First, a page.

Is that so?
If you are short of time, and the job is at stake, you may agree to that. Besides, you can always come back. However, if other problems arise, you can forget them again and again. And then, the ghost of the past will hunt you down.
Now, what’s the best thing to do after getting the correct results?
Inspect the Actual Execution Plan or the Live Query Statistics!
The latter is good if your query runs slow and you want to see what happens every second as the rows are processed.
At times, the situation will force you to inspect the plan immediately. To start, press Control-M or click Include Actual Execution Plan from the toolbar of SQL Server Management Studio. If you prefer dbForge Studio for SQL Server, go to Query Profiler – it provides the same info + some bells and whistles that you can’t find in SSMS.
We’ve seen the Actual Execution Plan. Let’s proceed further.
Is There a Missing Index or Index Recommendations?
A missing index is easy to spot – you get the warning immediately.
To get an instant code to create the index, right-click the Missing Index message (boxed in red). Then select Missing Index Details. A new query window with the code to create the missing index will appear. Create the index.
This part is easy to follow. It is a good starting point to achieve faster execution. But in some cases, there will no effect. Why? Some columns needed by your query are not in the index. Therefore, it will revert to a Clustered Index Scan.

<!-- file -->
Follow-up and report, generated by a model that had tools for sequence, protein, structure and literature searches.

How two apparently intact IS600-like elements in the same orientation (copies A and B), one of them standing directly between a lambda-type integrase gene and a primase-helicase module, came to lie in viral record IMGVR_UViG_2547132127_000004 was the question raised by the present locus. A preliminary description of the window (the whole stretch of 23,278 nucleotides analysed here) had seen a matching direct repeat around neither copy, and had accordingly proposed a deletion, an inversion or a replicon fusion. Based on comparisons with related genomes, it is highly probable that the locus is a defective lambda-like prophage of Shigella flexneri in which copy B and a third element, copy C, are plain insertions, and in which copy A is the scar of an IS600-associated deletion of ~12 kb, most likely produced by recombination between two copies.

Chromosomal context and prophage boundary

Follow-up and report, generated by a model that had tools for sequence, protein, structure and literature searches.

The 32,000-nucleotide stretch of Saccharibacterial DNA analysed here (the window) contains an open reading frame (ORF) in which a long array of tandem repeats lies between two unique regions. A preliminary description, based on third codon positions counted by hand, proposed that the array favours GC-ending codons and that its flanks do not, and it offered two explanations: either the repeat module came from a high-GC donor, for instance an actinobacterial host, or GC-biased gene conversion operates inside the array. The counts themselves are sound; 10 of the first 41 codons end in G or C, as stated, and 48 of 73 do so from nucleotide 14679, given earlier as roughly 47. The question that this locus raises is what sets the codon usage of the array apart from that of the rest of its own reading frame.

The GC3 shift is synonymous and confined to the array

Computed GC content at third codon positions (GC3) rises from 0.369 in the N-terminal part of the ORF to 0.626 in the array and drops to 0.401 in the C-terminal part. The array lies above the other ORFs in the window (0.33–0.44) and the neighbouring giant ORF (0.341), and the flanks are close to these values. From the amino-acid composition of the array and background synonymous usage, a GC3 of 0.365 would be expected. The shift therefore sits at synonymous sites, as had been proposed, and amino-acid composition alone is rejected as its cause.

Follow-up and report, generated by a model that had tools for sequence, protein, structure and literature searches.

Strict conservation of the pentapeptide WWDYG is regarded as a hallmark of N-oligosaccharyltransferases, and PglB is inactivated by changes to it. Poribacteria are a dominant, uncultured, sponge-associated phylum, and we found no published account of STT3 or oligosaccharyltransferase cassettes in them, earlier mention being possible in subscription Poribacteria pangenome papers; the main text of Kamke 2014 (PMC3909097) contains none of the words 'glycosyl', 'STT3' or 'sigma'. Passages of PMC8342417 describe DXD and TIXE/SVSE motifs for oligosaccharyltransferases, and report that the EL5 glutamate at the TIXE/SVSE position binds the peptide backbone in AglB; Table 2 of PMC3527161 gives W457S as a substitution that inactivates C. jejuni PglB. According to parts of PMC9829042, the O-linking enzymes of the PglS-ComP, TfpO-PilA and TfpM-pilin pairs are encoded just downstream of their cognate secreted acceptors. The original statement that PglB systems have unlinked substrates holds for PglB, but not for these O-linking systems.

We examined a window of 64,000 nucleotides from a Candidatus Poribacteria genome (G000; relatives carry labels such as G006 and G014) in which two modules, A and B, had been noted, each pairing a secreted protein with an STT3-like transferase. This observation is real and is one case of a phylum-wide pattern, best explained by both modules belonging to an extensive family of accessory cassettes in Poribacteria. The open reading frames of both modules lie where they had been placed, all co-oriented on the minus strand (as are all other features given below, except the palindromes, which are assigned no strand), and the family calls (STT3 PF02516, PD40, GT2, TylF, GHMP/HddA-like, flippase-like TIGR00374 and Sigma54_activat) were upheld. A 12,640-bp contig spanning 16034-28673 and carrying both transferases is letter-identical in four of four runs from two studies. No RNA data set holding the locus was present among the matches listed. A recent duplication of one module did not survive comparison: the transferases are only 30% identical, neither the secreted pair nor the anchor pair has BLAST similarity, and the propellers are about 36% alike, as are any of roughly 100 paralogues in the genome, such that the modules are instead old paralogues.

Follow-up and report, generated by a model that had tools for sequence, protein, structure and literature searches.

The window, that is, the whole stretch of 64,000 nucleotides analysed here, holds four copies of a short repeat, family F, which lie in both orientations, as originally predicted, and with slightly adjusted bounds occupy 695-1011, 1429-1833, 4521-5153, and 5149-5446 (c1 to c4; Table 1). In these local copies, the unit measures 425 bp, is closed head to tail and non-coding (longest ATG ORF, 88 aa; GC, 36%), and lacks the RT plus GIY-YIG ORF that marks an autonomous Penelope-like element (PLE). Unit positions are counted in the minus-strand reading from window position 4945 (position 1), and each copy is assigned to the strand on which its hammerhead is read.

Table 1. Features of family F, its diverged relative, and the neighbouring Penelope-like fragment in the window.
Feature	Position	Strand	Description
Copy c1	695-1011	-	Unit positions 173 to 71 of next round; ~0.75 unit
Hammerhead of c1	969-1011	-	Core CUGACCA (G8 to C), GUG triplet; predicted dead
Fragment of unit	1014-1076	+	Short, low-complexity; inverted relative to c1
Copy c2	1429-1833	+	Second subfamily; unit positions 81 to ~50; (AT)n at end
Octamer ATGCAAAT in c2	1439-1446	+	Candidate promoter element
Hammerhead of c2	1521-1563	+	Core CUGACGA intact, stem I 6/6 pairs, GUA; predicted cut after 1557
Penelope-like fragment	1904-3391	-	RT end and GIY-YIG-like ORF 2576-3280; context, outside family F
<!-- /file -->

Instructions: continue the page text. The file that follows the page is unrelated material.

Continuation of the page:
You need to re-inspect the execution plan after creating the index to see if Included columns are needed. Then, adjust the index accordingly and re-run your query. After that, check the execution plan again.
But what if there’s no missing index?
Read the Execution Plan
You need to know a few basic things to get you started:
- Reading direction
The query optimizer uses some sort of mini-programs called operators. You have seen some of them in Figure 4 – Clustered Index Seek, Clustered Index Scan, Nested Loops, and Select.
To get a comprehensive list with names, icons, and descriptions, you can check this reference from Microsoft.
Graphical diagrams are not enough to understand what is happening behind the scenes. You need to dig deeper into each operator’s properties. For example, the Clustered Index Scan in Figure 4 has the following Properties:
If you will examine it carefully, the Clustered Index Scan operator is terrible. As Figure 5 shows, it read 31,465 rows, but the final result set is just 5 rows. That’s why there is an index recommendation in Figure 4 to reduce the number of rows read. The logical reads of the query are also high and this explains why.